The auteur-driven documentary revolves around the seven-year-old Sasha, who has always known she was a little girl, even though she was born a boy. Following the child and her close ones for one year, Lifshitz captures their moments of joys and challenges, and shows how Sasha’s family leads a constant battle to make her difference accepted, as society fails to treat her like the other children her age.
“Little Girl,” produced by Agat Films & Cie with Denmark’s Fine Cut For Real, was sold by MK2 Films to Benelux (Imagine), Germany (Salzgeber), Spain (La Aventura), Scandinavia (Selmer Media), Poland (Against Gravity), Switzerland (Praesens), Portugal (Nos Lusomundo), Israel (Lev Cinemas), Mexico (Piano), Brazil (Imovision), South Korea (Watcha), Taiwan (Andrews), and Former Yugoslavia (Demiurg). Curzon will release the film next week in the U.K. and recently unveiled its trailer.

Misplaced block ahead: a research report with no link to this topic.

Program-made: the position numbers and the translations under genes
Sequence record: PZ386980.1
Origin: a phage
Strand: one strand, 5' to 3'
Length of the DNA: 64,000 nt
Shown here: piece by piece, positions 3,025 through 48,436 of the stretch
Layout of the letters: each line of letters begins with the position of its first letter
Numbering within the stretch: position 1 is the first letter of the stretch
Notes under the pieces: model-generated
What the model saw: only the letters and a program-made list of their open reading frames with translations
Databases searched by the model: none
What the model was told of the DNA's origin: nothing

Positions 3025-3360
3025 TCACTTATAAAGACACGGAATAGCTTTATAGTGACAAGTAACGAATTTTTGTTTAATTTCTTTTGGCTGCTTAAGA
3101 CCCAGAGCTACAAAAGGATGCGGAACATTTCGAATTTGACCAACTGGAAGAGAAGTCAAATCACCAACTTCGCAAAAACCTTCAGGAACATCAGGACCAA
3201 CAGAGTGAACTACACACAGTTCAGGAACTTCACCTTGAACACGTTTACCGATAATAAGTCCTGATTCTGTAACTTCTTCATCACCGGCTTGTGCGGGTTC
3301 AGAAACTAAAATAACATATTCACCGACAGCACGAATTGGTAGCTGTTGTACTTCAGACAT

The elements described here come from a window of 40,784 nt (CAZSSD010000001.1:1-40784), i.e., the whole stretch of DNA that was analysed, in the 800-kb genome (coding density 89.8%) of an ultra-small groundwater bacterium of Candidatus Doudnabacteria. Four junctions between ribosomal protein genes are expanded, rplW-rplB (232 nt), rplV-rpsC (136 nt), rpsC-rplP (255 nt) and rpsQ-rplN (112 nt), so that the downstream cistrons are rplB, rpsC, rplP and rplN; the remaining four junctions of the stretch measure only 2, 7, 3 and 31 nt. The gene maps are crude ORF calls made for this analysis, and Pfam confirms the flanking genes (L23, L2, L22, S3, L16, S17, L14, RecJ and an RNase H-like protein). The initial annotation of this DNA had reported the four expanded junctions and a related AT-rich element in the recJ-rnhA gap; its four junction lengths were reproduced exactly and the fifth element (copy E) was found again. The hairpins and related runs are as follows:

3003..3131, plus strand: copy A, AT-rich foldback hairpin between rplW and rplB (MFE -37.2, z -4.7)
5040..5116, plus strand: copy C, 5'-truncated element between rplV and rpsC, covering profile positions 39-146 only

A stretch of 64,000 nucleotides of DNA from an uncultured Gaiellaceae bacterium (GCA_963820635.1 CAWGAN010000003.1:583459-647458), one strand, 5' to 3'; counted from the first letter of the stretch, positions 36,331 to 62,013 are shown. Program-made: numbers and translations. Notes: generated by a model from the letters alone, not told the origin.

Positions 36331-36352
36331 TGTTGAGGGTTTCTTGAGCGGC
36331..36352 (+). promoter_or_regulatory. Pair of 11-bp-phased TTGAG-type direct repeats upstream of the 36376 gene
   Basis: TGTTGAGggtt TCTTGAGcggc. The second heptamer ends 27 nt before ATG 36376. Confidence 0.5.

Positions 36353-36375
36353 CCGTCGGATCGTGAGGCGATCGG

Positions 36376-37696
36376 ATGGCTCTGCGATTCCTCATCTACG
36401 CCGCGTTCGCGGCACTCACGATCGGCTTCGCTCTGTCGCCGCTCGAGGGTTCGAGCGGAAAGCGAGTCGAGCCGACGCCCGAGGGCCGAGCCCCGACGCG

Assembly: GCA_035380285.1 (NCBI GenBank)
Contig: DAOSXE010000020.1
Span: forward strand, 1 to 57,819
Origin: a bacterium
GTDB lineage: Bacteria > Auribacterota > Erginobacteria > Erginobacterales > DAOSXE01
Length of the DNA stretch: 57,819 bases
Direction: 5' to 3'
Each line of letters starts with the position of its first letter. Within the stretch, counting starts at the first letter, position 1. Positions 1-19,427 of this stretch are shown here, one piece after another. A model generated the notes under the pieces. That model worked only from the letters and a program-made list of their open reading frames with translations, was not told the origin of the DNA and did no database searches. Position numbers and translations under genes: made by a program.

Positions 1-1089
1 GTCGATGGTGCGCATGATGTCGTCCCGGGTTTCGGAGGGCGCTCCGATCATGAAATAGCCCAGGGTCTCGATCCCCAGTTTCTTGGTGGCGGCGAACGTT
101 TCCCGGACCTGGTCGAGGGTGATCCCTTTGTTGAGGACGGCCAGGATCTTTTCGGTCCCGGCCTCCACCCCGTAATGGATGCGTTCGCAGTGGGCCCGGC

On top of repping “Little Girl,” MK2 Films has also signed a deal with Lifshitz’s production company Moonfleet to handle international sales to several critically acclaimed films directed by Lifshitz, including “Wild Side,” which won the Berlinale 2004 Teddy Award, “The Crossing,” which played in Cannes’ Directors Fortnight in 2001, and was just restored in 4K, and “Come Undone” with Jérémie Elkaïm.
Popular on Variety
The library deal also gives MK2 Films international sales rights to Lifshitz’s short films: “Avenue de Lamballe,” “Jour et Nuit,” “Open Bodies,” winner of Cannes’ Directors Fortnight best short film award in 1998, and “Il faut que je t’aime,” his debut short.
MK2 Films had previously collaborated with Lifshitz on the sales and distribution of his 2009 film “Going South” with Léa Seydoux and Nicole Garcia.
A prolific filmmaker, Lifshitz had his last documentary, “Adolescents,” released in theaters on Sept. 9 in France. “Adolescents” explores the evolution of a childhood friendship between two girls through the years.